Deans' stroke musings

Changing stroke rehab and research worldwide now.Time is Brain!Just think of all the trillions and trillions of neurons that DIE each day because there are NO effective hyperacute therapies besides tPA(only 12% effective). I have 493 posts on hyperacute therapy, enough for researchers to spend decades proving them out. These are my personal ideas and blog on stroke rehabilitation and stroke research. Do not attempt any of these without checking with your medical provider. Unless you join me in agitating, when you need these therapies they won't be there.

What this blog is for:

Shortly after getting out of the hospital and getting NO information on the process or protocols of stroke rehabilitation and recovery I started searching on the internet and found that no other survivor received useful information. This is an attempt to cover all stroke rehabilitation information that should be readily available to survivors so they can talk with informed knowledge to their medical staff. It's quite disgusting that this information is not available from every stroke association and doctors group.
My back ground story is here:

Wednesday, April 12, 2017

U.K. NHS makes thrombectomy stroke treatment available

Nowhere in here do they state the efficacy of this procedure. How many get 100% recovered? That is the only question needing to be answered. But they use wonderful word salad in describing other benefits. You are continually being screwed because of the acceptance of low expectations of recovery by your stroke medical professionals. That acceptance is pure incompetence.
The United Kingdom is making mechanical thrombectomy more widely available for patients who have suffered strokes. Buoyed by a report supporting the safety and efficacy of the stent-enabled procedure, the National Health Service (NHS) is scaling up its capabilities in anticipation of treating 8,000 patients a year with the intervention.
Physicians perform mechanical thrombectomies to remove blockages in the cerebral arteries of stroke patients. Once imaging has confirmed the presence of a blockage, a delivery catheter is inserted to facilitate the introduction of a clot-retrieval device and accompanying guidewire. The interventional neuroradiologist performing the procedure then guides the device, typically a stent retriever, to the site of the clot. Once in place, the self-expanding stent is deployed and traps the clot ready for removal.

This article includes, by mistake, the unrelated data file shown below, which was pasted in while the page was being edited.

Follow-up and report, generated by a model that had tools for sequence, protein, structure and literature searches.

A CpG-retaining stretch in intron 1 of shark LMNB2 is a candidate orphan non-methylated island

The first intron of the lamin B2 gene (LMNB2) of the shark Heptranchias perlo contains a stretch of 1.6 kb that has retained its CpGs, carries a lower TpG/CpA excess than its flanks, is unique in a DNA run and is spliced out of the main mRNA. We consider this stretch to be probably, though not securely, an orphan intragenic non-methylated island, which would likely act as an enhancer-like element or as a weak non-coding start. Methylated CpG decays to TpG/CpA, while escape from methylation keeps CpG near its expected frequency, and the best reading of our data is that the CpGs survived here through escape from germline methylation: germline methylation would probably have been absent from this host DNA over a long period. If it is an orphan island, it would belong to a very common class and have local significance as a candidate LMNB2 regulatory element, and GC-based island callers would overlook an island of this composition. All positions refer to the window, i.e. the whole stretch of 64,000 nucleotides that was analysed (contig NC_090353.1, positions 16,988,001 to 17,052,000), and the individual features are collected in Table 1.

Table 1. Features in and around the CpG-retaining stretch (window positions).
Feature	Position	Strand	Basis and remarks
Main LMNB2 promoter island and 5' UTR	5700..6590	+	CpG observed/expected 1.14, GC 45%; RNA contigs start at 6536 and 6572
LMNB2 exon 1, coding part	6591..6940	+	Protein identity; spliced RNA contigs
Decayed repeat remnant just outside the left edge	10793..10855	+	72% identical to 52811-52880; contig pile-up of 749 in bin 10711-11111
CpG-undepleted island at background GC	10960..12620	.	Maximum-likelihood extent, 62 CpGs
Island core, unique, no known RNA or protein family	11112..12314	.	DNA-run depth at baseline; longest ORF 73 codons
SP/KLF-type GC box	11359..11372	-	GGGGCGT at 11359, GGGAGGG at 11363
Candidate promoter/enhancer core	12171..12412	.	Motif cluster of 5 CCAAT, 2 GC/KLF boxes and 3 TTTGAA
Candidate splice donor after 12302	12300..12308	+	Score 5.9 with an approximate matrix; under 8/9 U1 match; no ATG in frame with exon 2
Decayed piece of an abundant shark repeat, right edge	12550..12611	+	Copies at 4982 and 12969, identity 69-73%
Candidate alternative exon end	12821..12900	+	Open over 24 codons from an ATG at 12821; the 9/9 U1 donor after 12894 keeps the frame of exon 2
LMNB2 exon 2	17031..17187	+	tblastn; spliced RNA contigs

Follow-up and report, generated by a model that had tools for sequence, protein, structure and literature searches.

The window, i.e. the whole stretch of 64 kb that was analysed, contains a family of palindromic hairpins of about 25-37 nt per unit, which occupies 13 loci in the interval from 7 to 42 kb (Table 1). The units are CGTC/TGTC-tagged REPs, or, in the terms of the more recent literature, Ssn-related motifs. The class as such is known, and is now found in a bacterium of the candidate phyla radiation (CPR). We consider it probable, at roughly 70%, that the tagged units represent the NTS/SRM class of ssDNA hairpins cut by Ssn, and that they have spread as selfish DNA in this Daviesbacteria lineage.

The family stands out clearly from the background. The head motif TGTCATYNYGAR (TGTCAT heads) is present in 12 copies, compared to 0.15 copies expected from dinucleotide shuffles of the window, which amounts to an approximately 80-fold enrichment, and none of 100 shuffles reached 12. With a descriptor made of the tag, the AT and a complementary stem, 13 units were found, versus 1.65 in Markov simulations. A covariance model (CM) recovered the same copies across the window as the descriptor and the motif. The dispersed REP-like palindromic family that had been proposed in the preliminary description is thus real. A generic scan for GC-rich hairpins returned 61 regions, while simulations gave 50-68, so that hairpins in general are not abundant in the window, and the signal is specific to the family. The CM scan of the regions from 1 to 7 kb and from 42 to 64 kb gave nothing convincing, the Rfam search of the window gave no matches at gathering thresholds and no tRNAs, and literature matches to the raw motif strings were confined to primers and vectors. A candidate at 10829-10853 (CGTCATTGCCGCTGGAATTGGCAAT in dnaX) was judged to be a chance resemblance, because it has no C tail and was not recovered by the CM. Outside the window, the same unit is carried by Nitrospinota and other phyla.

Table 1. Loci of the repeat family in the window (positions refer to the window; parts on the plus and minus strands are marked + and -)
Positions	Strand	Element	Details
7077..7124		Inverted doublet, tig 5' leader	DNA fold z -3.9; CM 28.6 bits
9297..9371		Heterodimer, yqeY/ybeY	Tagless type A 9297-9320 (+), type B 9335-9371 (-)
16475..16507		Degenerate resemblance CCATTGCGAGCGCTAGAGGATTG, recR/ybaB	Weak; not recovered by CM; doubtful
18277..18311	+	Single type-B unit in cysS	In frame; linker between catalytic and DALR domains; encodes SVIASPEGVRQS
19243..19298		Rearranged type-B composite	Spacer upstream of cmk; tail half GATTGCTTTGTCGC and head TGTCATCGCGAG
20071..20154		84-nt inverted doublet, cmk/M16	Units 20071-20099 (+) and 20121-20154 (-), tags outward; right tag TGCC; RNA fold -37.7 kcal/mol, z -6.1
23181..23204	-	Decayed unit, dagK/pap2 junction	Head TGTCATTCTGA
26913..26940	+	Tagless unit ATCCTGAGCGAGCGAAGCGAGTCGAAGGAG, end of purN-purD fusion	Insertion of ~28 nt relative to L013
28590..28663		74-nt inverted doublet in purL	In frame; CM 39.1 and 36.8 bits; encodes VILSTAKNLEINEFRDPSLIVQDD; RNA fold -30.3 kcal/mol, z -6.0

The U.K. National Institute for Health and Care Excellence (NICE) reviewed the safety and efficacy of the procedure in 2013. At that time, NICE decided the procedure had unproven efficacy and put patients at risk of serious complications. The cost watchdog’s perceptions of the risks and benefits had shifted by the time it re-reviewed (PDF) the procedure last year, largely because it had access to data from clinical trials that had published their results since 2013.
In its analysis of eight trials covering 2,423 patients, NICE associated thrombectomy with improved functional outcomes 90 days after treatment, although there was no difference in mortality across the treatment groups. With the studies also assuaging NICE’s earlier concerns about safety, the organization felt the efficacy data were strong enough to warrant recommending the procedure.
If the procedure works as hoped, patients who suffer strokes will experience better quality of life. This, in turn, should cut the cost of ongoing treatment. The NHS estimates it spends £3 billion ($3.7 billion) a year on caring for stroke patients. And that the harm caused by strokes costs the economy a further £4 billion through a mix of lost productivity, disability and informal care.
Equipping more hospitals to quickly perform thrombectomies could drive down these figures. But in the near term the rollout of the service will put a strain on the healthcare system. Today, the NHS employs approximately 90 interventional radiologists, according to The Guardian.
The NHS will need to grow that figure if it is to provide round-the-clock thrombectomies at its 24 neuroscience centers. This process will take time. The NHS plans to start phasing in the service later in 2017 and treat 1,000 more patients in the first year of the rollout. Once the service is up to speed, the NHS expects to treat 8,000 stroke patients a year with mechanical thrombectomies.

No comments:

Post a Comment